The first prosecution of a care provider last week by the Care Quality Commission (CQC) since taking over enforcement powers from the Health & Safety Executive (HSE) in 2015 sounds a warning for the care sector, says law firm Bevan Brittan.
The CQC brought a prosecution for failing to provide safe care and treatment against St Anne’s Community Services, a not for profit charitable organisation, following the tragic death of a resident at one of its care homes in West Yorkshire in April 2015.
Last week, a District Judge at Bradford Magistrates’ Court fined St Anne’s Community Services £190,000 plus costs.
This marked a reduction in the fine that could have been levied which was in the range of £300,000 to £1.3 million under the new guidelines, due to considerable mitigating factors and the defendant’s early guilty plea.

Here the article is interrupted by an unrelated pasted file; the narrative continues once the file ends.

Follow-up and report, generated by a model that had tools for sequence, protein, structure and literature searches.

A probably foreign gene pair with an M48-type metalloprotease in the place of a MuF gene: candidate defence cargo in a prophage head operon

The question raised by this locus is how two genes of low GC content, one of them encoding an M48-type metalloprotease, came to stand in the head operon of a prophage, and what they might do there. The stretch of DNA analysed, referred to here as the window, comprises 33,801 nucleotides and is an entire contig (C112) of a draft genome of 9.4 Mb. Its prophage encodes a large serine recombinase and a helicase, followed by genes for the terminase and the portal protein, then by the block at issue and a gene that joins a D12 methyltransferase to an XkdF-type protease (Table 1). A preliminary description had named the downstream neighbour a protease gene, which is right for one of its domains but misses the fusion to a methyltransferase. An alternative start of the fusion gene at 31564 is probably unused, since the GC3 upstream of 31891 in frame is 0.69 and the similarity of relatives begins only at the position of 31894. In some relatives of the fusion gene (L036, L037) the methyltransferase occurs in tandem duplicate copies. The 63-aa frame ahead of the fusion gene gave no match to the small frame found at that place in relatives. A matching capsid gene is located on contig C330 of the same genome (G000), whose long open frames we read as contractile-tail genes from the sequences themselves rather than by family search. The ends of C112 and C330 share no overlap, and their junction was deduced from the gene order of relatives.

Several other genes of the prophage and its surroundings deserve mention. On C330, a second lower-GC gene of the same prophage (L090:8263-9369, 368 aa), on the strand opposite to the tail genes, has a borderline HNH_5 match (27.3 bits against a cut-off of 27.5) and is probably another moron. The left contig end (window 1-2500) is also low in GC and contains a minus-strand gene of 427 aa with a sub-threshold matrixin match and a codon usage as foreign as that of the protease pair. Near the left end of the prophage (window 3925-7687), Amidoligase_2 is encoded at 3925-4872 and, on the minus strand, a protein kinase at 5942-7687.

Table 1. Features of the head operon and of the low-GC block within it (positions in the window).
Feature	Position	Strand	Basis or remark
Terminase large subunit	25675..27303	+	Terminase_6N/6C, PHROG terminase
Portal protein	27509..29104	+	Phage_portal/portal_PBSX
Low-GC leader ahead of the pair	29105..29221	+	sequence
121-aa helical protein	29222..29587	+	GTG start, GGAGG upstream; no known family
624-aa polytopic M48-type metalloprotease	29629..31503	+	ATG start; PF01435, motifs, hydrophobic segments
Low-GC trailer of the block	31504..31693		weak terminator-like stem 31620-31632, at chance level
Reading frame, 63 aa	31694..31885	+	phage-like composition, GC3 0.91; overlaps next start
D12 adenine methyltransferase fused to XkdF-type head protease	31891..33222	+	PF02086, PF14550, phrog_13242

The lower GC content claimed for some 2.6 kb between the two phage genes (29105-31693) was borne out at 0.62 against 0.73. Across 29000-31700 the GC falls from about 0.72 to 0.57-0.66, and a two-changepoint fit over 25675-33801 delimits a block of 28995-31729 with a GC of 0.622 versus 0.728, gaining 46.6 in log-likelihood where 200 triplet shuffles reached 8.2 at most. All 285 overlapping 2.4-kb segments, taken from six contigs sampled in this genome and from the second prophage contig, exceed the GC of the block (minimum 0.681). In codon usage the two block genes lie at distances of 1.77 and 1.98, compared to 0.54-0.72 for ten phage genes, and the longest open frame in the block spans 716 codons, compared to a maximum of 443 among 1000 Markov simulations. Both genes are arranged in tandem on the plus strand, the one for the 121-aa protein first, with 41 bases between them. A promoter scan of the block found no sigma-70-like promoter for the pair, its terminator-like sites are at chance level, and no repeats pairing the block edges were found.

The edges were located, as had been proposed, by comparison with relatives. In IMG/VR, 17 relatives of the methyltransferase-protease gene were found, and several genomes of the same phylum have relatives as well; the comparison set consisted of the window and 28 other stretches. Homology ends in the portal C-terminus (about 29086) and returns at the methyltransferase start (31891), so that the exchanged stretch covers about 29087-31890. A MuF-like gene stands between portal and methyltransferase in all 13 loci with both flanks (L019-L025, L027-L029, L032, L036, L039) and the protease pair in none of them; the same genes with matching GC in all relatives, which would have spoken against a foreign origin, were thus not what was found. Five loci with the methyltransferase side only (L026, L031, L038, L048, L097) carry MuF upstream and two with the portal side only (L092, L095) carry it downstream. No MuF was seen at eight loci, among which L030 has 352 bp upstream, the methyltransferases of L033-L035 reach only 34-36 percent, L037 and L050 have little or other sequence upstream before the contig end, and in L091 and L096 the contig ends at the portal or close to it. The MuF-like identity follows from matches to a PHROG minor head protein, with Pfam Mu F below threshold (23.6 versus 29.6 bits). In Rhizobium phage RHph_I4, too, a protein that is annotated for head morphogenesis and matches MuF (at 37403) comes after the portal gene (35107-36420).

Bevan Brittan, led by associate Sarah Knight, represented St Anne’s Community Services.
Stuart Marchant, partner at Bevan Brittan, said that the prosecution marks a significant moment for the sector: “The scale of the fine, though a substantial reduction on the guidelines, shows the financial risks that providers face under the new health and safety regime when the everyday operation of care services goes wrong. CQC will be pushing ahead with more health and safety prosecutions and the fines can be truly substantial.
“It is crucial that providers do everything they can to avoid incidents in the first place, by having effective risk assessments and training in place. Where there is an incident, it is critical to act quickly in response, and to learn and take action to prevent any recurrence in the future.”